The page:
2. Yao F, Ma J, Cui Y, Huang C, Lu R, Hu F, Zhu X, Qin P. Dietary intake of total vegetable, fruit, cereal, soluble and insoluble fiber and risk of all-cause, cardiovascular, and cancer mortality: systematic review and dose-response meta-analysis of prospective cohort studies. Front Nutr. 2023 Oct 3;10:1153165. doi: 10.3389/fnut.2023.1153165. PMID: 37854351; PMCID: PMC10579821.
  3. Dreher ML, Ford NA. A Comprehensive Critical Assessment of Increased Fruit and Vegetable Intake on Weight Loss in Women. Nutrients. 2020; 12(7):1919. https://doi.org/10.3390/nu12071919
  4.  Nour, Monica & Lutze, Sarah & Grech, Amanda & Allman-Farinelli, Margaret. (2018). The Relationship between Vegetable Intake and Weight Outcomes: A Systematic Review of Cohort Studies. Nutrients. 10. 1626. 10.3390/nu10111626. ↩︎
  5. Monjotin N, Amiot MJ, Fleurentin J, Morel JM, Raynal S. Clinical Evidence of the Benefits of Phytonutrients in Human Healthcare. Nutrients. 2022 Apr 20;14(9):1712. doi: 10.3390/nu14091712. PMID: 35565680; PMCID: PMC9102588. ↩︎
  6. Kan J, Wu F, Wang F, Zheng J, Cheng J, Li Y, Yang Y, Du J. Phytonutrients: Sources, bioavailability, interaction with gut microbiota, and their impacts on human health. Front Nutr. 2022 Aug 16;9:960309. doi: 10.3389/fnut.2022.960309. PMID: 36051901; PMCID: PMC9424995. ↩︎
  7. van der Merwe, M. (2021). Gut microbiome changes induced by a diet rich in fruits and vegetables. International journal of food sciences and nutrition, 72(5), 665-669.
  8.  Lee J, Shin A, Oh JH, Kim J. Colors of vegetables and fruits and the risks of colorectal cancer. World J Gastroenterol. 2017 Apr 14;23(14):2527-2538. doi: 10.3748/wjg.v23.i14.2527. PMID: 28465637; PMCID: PMC5394516. ↩︎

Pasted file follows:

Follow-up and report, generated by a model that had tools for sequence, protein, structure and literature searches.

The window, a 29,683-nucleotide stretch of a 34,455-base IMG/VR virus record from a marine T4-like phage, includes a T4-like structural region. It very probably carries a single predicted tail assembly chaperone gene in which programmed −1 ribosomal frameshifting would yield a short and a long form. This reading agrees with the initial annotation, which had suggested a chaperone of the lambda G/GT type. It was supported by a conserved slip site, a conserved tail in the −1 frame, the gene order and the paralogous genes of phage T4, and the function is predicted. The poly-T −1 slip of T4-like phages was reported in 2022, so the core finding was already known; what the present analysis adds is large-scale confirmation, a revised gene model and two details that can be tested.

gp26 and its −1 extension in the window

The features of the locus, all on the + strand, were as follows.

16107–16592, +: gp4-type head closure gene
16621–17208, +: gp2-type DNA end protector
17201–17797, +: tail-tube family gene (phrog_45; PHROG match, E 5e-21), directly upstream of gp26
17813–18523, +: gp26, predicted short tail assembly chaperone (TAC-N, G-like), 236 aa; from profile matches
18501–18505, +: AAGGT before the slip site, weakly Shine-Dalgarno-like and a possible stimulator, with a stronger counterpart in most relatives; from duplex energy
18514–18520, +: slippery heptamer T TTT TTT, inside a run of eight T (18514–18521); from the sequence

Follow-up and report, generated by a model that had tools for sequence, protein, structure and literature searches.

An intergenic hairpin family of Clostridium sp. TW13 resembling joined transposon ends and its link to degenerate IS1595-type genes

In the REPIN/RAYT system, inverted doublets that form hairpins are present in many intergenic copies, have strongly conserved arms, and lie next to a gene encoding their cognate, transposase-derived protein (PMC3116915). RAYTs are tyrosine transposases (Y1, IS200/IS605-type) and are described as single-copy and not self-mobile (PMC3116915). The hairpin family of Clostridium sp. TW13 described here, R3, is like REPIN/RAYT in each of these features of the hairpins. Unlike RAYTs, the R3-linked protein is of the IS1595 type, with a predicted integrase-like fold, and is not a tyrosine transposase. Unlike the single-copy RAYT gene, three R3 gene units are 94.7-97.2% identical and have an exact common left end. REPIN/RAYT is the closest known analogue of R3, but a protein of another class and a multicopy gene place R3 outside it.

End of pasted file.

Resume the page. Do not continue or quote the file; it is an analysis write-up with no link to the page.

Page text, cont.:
9. Scarborough, P., Clark, M., Cobiac, L. et al. Vegans, vegetarians, fish-eaters and meat-eaters in the UK show discrepant environmental impacts. Nat Food 4, 565–574 (2023). https://doi.org/10.1038/s43016-023-00795-w ↩︎
  10. Grummon, A.H., Lee, C.J.Y., Robinson, T.N. et al. Simple dietary substitutions can reduce carbon footprints and improve dietary quality across diverse segments of the US population. Nat Food 4, 966–977 (2023). https://doi.org/10.1038/s43016-023-00864-0 ↩︎
  11. Beal, T. Big environmental gains from small dietary tweaks. Nat Food 4, 935–936 (2023). https://doi.org/10.1038/s43016-023-00878-8 ↩︎
  12. Li, L., Pegg, R.B., Eitenmiller, R.R., Chun, J., & Kerrihard, A.L. (2017). Selected nutrient analyses of fresh, fresh-stored, and frozen fruits and vegetables. Journal of Food Composition and Analysis, 59, 8-17. ↩︎